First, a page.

2. How are you going under the 99 tunnel? The depth of the SLU & QA stations (as currently proposed by ST) seem to be mostly driven by a need to avoid the massive freeway tunnel.

    If you are going to propose a station under a avenue (like at ID), shallow stations seem fine, but north of Midtown I think you need to do some more homework.

    Punching a station through the Westlake mezzanine would surely include a lengthy closure of station, but are you assuming the rest of the DSTT can mostly remain in service while the station is rebuilt?

    1. This proposal doesn’t go under the 99 tunnel. Stays east the whole way. The only thing that really needs to be avoided is the sewer main that I think is under Dexter. Dexter might be a useful compromise spot for a station between Westlake and Aurora, but it might be right over the main which would mean no go. So I have anticipated that the line will dive under the main and then have a station at Aurora and Galer or thereabouts. The next main runs along the north shore of the ship canal, but that can be cleared just by clearing the ship canal.

      I have pencilled in Denny Park as the place to transition to bored tunnels because it is convenient place to launch equipment and haul away spoils but the cut-and-cover could continue to Lake Union and transition to bored there. That would mean a excavation close to the water which is a nuisance, but certainly done all the time. Then the line would stay east of the Dexter sewer main as well and only need to clear the ship canal.

      The transition to bored tunnels does mean deeper stations, but not extreme. The deepest station will actually be at Phinney just because the hill climbs so much. In my notes that is around 100 feet deep, which isn’t wonderful, but it also isn’t a hideously complicated transfer station. 15th Ave and Ballard will be shallow. I was concerned about the West Seattle depths, but actually the 5% maximum grade of a metro line can follow the surface contours just fine. Even Delridge won’t have to be deep because the channel east of Harbor Island is only -30′. If you tunnel to -60′ for good clearance you have over 2000′ to bring it up to the +50′ elevation of Delridge. And of course the bored tunnels cannot come right to the surface so the grade is 5% or less.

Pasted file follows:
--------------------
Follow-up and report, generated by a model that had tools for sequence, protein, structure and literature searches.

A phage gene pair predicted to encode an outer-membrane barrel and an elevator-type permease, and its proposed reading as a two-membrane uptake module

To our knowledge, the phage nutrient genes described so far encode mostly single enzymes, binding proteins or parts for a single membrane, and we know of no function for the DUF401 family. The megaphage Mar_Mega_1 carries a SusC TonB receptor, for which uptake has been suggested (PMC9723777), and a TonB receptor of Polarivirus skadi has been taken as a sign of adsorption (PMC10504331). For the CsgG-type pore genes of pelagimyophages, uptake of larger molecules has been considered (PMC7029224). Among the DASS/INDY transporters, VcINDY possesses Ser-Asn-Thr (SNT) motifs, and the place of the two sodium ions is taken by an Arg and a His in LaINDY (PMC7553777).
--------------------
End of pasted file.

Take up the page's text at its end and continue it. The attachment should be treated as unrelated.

The grade transition from ID to Midtown is 5%, so a cut-and-cover tunnel matching the surface grade ought to be possible.

      Yes I would anticipate the DSTT to remain in service during the work aside from some weekend closures. A strong, protective scaffold would have to be build at the platform level to protect users from a catastrophic failure, but the only really heavy demolition work to be done would be taking the road and roof off the current mezzanine. That would necessitate the weekend closures.